In the wake of last month’s deadly suicide attack in the
heart of Istanbul, tour operators and the country’s tourism representatives
remained hopeful for a quick recovery despite the impact from several cruise
lines pulling back their Turkey port calls.
“Turkey is a very important and popular destination for
us,” said Leigh Barnes, vice president, North America for Intrepid Travel. “We
did cancel our scheduled day tour departures in Istanbul immediately following
the attack. We are planning to resume day tours on Feb. 1 if travelers are keen
Intrepid operates 16 multiday tour itineraries in Turkey
and offers an additional six day tours of Istanbul under its city and day tour
brand, Urban Adventures. Intrepid said it is currently off-season in Turkey, so
the longer, multiday tour departures are not scheduled to begin again until
March. And despite the attack, the company is still expecting to take a few
thousand customers on Turkey trips in 2016, similar to the number of people it
brought to the destination in 2015.
“To be honest, the attack in Istanbul is an incomparable
tragedy,” said Canan Karaarslan, marketing and product manager for
Istanbul-based ground operator Fez Travel. “But if such a cowardly attack
convinces people not to visit Istanbul, that will be another tragedy.”
Karaarslan said that there’s “no doubt” that the incident
will impact the number of travelers visiting the country. With over 40 million
annual visitors, Turkey ranks among the top 10 most visited countries in the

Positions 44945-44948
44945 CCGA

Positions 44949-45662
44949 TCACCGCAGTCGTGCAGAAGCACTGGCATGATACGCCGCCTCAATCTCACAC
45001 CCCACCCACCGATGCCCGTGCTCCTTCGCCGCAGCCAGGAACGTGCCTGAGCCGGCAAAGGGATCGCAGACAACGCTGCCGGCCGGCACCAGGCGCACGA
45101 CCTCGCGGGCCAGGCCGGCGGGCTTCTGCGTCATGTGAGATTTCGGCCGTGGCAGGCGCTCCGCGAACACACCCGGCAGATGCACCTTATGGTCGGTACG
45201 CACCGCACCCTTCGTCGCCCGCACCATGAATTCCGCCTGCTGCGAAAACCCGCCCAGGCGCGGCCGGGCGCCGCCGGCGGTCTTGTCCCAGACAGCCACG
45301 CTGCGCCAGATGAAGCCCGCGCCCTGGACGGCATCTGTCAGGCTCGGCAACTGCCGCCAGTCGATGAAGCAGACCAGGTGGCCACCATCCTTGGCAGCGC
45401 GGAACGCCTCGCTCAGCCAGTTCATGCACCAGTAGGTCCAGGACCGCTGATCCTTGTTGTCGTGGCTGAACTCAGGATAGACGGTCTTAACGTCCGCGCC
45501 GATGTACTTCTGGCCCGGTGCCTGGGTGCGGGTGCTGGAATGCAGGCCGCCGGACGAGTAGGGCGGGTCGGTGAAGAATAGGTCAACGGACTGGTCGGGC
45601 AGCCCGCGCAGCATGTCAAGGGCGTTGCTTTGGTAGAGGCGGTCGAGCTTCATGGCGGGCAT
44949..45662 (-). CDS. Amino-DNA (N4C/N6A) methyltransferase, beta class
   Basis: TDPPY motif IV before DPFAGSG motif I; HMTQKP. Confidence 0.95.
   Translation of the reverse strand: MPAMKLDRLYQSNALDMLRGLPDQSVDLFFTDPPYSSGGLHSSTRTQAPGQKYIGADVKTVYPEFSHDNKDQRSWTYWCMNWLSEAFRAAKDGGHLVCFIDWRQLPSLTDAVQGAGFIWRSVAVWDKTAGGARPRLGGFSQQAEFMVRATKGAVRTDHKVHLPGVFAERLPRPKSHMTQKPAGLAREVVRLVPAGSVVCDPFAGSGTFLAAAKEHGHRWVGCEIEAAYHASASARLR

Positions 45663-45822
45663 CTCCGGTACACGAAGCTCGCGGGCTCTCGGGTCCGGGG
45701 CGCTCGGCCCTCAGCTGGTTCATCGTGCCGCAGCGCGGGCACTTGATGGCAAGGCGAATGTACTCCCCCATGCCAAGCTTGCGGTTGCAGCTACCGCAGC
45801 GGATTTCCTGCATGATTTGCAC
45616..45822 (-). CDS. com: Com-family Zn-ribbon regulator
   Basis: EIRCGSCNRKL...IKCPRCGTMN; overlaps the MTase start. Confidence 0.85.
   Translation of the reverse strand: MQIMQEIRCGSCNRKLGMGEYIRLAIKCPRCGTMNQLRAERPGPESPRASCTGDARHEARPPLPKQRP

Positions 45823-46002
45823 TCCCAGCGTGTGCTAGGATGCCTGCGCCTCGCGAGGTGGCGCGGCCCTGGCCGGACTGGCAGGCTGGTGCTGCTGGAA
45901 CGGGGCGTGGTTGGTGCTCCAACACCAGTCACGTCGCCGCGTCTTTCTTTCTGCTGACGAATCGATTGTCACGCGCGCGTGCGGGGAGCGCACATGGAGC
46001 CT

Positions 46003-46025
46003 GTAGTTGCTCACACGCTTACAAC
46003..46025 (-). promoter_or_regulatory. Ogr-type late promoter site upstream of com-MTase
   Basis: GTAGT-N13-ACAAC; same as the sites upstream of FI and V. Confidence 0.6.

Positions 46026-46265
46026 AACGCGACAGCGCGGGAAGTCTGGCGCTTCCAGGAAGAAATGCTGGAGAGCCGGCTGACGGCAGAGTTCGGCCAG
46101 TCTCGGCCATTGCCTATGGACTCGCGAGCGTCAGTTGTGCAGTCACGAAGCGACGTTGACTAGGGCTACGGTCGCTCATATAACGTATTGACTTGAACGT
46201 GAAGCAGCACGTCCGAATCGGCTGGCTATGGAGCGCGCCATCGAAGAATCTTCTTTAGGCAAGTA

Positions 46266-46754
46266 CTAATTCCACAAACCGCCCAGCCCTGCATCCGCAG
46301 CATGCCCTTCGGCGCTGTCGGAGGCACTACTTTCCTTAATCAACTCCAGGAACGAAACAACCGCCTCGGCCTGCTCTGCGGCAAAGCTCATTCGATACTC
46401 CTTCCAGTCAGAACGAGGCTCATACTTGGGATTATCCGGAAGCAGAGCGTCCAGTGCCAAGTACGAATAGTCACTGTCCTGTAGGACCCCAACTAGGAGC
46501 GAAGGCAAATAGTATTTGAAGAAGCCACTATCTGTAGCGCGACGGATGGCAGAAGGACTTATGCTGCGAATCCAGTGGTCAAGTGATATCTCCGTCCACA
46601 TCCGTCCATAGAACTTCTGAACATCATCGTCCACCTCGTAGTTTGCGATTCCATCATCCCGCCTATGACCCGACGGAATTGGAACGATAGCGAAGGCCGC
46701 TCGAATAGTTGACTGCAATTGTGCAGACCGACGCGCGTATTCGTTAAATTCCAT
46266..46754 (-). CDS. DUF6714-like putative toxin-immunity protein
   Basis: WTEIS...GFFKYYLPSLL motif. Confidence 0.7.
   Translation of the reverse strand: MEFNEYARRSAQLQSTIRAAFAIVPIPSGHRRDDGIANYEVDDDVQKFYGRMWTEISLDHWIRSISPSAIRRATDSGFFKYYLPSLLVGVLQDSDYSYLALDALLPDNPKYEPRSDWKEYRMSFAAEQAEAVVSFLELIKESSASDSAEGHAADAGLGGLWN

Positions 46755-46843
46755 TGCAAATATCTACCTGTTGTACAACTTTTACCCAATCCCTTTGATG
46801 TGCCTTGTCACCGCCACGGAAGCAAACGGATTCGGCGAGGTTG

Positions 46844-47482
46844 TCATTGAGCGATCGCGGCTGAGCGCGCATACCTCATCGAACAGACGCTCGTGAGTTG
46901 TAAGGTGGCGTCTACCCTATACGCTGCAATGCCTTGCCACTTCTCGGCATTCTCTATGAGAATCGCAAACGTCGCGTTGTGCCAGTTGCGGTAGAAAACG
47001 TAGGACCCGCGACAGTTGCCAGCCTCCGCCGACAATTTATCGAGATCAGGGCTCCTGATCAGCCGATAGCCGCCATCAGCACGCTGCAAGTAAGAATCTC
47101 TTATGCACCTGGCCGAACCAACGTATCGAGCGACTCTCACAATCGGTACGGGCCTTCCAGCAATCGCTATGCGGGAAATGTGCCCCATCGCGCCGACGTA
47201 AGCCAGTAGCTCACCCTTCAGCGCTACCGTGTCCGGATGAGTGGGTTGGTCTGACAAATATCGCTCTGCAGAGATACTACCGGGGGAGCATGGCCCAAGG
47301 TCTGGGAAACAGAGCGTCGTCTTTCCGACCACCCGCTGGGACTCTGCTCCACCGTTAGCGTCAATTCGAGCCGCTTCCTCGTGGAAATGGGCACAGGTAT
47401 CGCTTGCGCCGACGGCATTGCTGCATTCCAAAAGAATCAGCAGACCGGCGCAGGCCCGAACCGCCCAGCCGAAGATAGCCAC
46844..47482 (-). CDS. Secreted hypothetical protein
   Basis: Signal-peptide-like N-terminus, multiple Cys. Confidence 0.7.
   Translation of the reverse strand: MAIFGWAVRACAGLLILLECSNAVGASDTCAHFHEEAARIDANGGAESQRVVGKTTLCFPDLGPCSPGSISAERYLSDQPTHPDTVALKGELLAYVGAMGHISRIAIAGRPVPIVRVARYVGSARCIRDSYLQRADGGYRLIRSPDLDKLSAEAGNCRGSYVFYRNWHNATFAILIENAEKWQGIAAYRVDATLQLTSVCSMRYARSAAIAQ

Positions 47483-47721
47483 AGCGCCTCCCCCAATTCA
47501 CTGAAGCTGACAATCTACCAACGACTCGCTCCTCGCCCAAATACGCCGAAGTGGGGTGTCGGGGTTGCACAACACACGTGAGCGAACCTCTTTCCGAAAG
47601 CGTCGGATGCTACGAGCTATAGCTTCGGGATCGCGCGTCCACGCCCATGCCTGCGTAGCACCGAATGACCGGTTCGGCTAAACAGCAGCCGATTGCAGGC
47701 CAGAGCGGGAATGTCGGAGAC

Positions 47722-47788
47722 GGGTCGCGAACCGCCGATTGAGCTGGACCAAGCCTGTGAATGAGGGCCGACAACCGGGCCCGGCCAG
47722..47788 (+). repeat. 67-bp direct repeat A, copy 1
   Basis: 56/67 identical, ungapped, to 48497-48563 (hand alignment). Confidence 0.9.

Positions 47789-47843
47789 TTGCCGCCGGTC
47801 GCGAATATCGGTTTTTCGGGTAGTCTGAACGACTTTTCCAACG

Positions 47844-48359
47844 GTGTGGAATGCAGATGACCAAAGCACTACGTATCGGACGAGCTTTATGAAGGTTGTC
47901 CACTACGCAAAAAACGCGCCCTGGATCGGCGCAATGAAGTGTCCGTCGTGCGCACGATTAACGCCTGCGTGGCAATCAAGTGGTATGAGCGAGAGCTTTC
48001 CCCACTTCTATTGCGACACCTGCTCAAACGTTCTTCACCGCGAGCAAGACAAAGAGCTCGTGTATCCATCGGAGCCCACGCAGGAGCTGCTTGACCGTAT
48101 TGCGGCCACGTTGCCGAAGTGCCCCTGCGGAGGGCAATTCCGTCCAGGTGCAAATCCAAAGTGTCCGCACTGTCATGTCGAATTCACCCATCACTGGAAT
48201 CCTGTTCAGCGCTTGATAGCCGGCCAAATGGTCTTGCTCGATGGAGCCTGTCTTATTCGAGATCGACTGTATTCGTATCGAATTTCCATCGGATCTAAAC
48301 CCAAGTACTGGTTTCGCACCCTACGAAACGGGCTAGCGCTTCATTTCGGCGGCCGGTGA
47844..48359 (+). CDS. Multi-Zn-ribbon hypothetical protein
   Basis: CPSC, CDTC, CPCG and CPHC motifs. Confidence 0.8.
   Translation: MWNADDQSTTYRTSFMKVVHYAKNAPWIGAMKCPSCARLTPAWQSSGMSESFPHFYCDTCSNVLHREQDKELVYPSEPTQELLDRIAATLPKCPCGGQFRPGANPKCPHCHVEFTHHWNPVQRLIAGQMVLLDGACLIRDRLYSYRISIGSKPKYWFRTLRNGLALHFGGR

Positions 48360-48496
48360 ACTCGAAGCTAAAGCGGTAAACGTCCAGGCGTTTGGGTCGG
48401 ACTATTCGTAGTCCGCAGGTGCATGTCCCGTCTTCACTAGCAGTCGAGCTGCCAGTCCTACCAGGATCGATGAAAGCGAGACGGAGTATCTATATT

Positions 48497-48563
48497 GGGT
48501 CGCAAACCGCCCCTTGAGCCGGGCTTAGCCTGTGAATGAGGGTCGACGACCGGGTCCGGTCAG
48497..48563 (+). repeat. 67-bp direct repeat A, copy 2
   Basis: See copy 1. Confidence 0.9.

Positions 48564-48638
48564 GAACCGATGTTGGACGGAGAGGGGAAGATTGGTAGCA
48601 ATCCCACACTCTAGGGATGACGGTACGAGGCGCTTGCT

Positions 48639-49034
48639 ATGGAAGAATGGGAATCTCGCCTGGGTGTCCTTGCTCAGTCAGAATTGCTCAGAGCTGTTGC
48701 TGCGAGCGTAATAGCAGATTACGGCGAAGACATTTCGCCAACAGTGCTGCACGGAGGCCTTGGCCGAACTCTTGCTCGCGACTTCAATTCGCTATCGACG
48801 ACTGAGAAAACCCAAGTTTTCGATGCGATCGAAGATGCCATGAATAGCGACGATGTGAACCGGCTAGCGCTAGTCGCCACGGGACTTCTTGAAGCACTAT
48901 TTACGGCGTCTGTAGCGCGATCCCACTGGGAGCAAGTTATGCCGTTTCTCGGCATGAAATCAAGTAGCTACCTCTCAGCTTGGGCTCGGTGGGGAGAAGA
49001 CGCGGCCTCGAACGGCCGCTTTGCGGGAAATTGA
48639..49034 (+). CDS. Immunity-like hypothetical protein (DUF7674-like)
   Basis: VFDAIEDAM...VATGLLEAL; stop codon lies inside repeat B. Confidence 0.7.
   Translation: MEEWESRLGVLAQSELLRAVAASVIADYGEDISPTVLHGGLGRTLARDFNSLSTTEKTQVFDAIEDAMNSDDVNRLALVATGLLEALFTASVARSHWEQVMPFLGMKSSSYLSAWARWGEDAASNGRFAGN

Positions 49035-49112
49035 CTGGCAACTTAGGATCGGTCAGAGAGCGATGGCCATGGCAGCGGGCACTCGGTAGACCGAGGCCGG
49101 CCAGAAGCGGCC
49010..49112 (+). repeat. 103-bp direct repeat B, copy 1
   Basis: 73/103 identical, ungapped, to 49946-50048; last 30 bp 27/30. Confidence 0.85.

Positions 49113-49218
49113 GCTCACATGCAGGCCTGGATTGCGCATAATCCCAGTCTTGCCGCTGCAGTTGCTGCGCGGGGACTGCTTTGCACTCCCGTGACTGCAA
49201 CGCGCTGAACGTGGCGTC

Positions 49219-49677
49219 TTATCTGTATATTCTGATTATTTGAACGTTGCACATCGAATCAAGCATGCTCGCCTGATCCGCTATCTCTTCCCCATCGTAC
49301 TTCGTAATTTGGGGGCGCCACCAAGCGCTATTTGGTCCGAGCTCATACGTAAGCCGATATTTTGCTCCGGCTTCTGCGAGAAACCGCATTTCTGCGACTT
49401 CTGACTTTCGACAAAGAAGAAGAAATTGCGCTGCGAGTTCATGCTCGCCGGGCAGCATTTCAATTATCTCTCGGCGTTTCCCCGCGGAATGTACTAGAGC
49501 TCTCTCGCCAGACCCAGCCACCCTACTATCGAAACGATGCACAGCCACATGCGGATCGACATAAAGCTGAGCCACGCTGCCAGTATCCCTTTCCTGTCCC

But, she added, “We feel that Istanbul is no less safe
than Paris or any of the other European capitals.”
On Jan. 12, a suicide bomber believed to be linked to the
Islamic State killed 10 people, predominantly German tourists, and injured
several others in an attack near the Blue Mosque, a popular tourist attraction.
Gorkem Karakus, director of the Turkish Tourist Office in
Washington said that Turkey is working with its allies “to fight against the
terror” and is confident the country’s once-thriving tourism industry will
rebound this year.
But that rebound was made less certain when several
cruise lines canceled calls in Turkey following the attack, including Norwegian
Cruise Line Holdings, which said it was canceling calls in Turkey for the
remainder of 2016 for all three of its brands.
Crystal canceled Turkish calls on two cruises this spring
in favor of Greece, and MSC Cruises said its MSC Magnifica wouldn’t call in
Turkey until further notice.
While the Turkey cruise cancellations are significant,
cruise passengers only represent about 1% of Turkey’s total visitors, according
to numbers provided by the Turkish Tourist Office. Karakus said that in 2015
Turkey welcomed just slightly less than 41 million travelers and that of those
travelers, approximately 400,000 were cruise passengers.
Tom Stieghorst contributed to this report.